Skin writing is used as apunishment on someone suspected of human trafficking, marking them for later.
A dog-sized cow is acting menacingly at the property line of my childhood home, just at the edge of the neighbor’s lawn. I walk all the way down the street trying to read its dog tag, with no real plan how to make it go away.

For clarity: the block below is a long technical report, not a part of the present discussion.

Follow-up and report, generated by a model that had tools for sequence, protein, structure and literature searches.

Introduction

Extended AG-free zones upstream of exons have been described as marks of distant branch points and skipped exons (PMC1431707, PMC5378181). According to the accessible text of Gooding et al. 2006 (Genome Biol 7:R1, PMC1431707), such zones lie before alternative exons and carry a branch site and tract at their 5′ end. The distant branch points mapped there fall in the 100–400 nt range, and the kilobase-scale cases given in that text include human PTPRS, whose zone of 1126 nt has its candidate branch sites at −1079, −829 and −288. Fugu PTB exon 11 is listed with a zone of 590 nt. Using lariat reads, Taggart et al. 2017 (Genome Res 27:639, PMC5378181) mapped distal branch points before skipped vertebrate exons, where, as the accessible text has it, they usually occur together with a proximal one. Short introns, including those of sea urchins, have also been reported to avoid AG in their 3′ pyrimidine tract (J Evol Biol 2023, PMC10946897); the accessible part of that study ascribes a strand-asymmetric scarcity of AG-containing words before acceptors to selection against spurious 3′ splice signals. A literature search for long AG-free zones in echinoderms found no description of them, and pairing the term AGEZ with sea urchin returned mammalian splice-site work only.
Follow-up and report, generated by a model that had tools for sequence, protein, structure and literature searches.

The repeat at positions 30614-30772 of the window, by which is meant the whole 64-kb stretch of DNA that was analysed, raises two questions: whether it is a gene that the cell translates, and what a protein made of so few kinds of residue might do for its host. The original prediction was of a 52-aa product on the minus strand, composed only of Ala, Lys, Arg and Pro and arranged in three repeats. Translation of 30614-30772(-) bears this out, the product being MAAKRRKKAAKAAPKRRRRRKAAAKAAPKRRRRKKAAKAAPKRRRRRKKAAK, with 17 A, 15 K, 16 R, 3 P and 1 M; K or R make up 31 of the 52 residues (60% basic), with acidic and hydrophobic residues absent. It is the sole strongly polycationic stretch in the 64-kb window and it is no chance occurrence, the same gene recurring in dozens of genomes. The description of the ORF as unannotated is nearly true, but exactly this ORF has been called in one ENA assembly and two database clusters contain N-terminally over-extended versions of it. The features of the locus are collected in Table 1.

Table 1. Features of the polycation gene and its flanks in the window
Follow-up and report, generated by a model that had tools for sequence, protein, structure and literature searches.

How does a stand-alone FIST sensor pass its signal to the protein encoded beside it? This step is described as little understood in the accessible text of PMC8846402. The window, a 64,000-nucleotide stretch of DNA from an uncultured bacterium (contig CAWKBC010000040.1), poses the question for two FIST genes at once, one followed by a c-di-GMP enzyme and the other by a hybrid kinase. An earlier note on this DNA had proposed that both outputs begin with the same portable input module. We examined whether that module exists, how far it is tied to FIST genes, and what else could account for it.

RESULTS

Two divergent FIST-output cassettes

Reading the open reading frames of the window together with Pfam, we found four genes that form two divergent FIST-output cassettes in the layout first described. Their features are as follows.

Discover I’ve moved in together in the same ground floor apartment as some people I know in real life, but mainly from Twitter — KC Crowell, Feral, all Oakland peeps. I myself am an observer, but unusually, one with an identity — a hovering presence dwelling mostly in the rafters, where a glowing horizontal level divides my space from the everyday living space. The easily discerned border of the ceiling has curved buttresses, marking its construction in the early 1900s. On one section of old wood paneling, I spot a poster advertising old-timey glassware, lab glass perhaps. My roommates begin reinstalling some authentic hand-blown stained glass fixtures, decorative colored filigrees that have been in storage for almost a century. The landlord likes the residents so much he was convinced to let them haul it out from storage. The square ends of the curvy abstract forms fit perfectly flush against the buttresses.